her shoulder.

"Harry wrote this?" gasped Maud.

"I suppose he did," coolly spoke Mary; "but he had the grace to conceal
the fact that I was his sister."

Maud had noticed that he wrote "friend" instead of "brother."

"Why should he do this?" she said.

"Prithee, Maud, will you never see how he has disgraced our name?" said
Mary, impatiently. "Nay, nay, you have not seen my father's misery since
he hath been here, and how closely he hath kept himself shut up, lest
any should hear his name."

"But why should he do this?" asked Maud.

"Why?" uttered Mary, "when all men are talking of the traitor rebel,
Harry Drury, who was this day to be executed."

Her voice faltered as she said the last words, although she tried to
appear unmoved as she added, "But the execution is postponed, I hear."

"Only postponed!" gasped Maud, who sat with widely staring eyes.

"The letters were to save their lives, I heard."

"What letters?" asked Mary.

"Those I brought from Hayslope, where the parliament messenger lies
sorely wounded," said Maud.

Mary did not wait to hear more, but went to meet her husband, who was
coming up the stairs. The gaily dressed officer bowed to Maud as he
entered a few minutes afterwards, but she could see he looked annoyed.

"Good-morrow, lady messenger," he said. "You did but reach Oxford in
time, and if you had been an hour later 'twere better for his Majesty, I
trow."

"Prithee, tell me why?" said Maud.

"There would have been six stout-hearted rebels the less to fight
against King Charles," said Captain Stanhope.

"Are the prisoners released?" asked Maud, with an exclamation of joy.

"Nay, nay, not yet; but we cannot afford to execute them, for the rebel
army hath five thousand of our loyal troopers, and they propose to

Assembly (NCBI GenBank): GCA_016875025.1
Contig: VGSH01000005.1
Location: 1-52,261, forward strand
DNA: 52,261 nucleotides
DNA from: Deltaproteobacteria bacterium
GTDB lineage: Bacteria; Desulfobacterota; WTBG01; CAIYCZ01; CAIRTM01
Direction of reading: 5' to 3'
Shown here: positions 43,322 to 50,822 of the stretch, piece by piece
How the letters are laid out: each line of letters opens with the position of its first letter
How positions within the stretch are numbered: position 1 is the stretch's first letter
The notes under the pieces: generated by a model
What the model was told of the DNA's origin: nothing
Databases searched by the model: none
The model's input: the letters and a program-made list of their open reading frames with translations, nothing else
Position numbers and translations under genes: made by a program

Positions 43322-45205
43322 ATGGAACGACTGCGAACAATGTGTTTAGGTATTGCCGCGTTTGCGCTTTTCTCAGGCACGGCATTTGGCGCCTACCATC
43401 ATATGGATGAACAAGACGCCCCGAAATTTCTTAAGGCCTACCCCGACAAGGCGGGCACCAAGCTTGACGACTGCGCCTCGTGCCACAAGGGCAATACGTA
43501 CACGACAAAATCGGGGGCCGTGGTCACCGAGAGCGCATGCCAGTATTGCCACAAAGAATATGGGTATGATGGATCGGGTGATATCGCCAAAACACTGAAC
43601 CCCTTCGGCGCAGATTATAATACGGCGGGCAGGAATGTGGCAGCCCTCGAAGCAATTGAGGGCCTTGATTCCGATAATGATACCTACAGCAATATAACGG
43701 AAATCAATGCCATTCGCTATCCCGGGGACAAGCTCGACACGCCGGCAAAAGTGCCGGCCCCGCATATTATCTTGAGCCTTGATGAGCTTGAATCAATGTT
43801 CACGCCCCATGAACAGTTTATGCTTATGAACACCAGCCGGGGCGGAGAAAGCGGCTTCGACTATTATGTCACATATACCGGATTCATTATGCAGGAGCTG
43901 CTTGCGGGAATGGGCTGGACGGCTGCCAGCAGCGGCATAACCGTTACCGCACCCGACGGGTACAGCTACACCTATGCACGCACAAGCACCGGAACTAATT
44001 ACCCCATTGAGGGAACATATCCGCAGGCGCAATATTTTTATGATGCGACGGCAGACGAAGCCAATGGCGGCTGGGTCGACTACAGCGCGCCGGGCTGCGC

exchange some of these for the handful we have here in our prison, and
Harry Drury is specially named as one of them--Harry Drury and Gilbert
Clayton, whom Prince Rupert's men captured some time since."

To describe Maud's feelings when she heard how near Harry had been to an
ignominious death would be impossible. For a time she could only bow her
head in her hands, and weep out her thanksgiving to God for His great
mercy; but by degrees the hope that she should soon see him gradually
stole over her, until she recollected that Harry would scarcely venture
to call upon them, even though he had seen her in the town; for she
doubted not but that the prisoner who had looked at her so closely was
Harry, although she had failed to recognise him.

When Master Drury came in soon afterwards, it was evident he had heard
the news, although Harry's name was not mentioned.

"Maud," he said, drawing his chair close to hers as soon as they were
left alone, "you heard that the King's cabinet had been captured at the
battle of Naseby?"

Maud bowed. "Hath it been retaken?" she asked.

Master Drury shook his head. "Prithee, I would it had never existed," he
said, "or that I knew not aught of it."

"Have you seen the King's letters?" asked Maud.

"All the world will see them shortly," sighed the gentleman. "The rebels
have published some of his papers, calling it 'The King's Cabinet
Opened.'"

"Then all the world will know what a just and gentle monarch he is,"
said Maud.

"Alas! they will see that what these rebels say of him is true; that he
hath tried to sell his people to a foreign foe," groaned Master Drury.
"All his doings with the Irish rebels, and his negotiations with foreign
princes to bring troops over here, are given in these papers."

Maud started to her feet, flushed with indignation. "It is not true,"
she said. "It would be unkingly--beneath the majesty of our royal
Charles. It is a fabrication of the Parliament rebels."

"I would fain think so if I could," sighed Master Drury; "but, Maud, I
have heard from those who knew all the King's matters that these letters
are true copies of what were in the cabinet."

Maud dropped into her seat as though she had been shot. "The King is
false and untrue, then," she gasped, "and Harry is right after all."

"Hush, prithee, hush!" said Master Drury. "You know not what you say,
Maud;" but he did not speak as though he were angry that Harry's name
had been uttered.

"Marry, but I cannot hold my peace when true and noble men are risking
their lives to fight for this false king," said Maud.

"I will not fight," quietly spoke Master Drury. "I will go back with you
to Hayslope."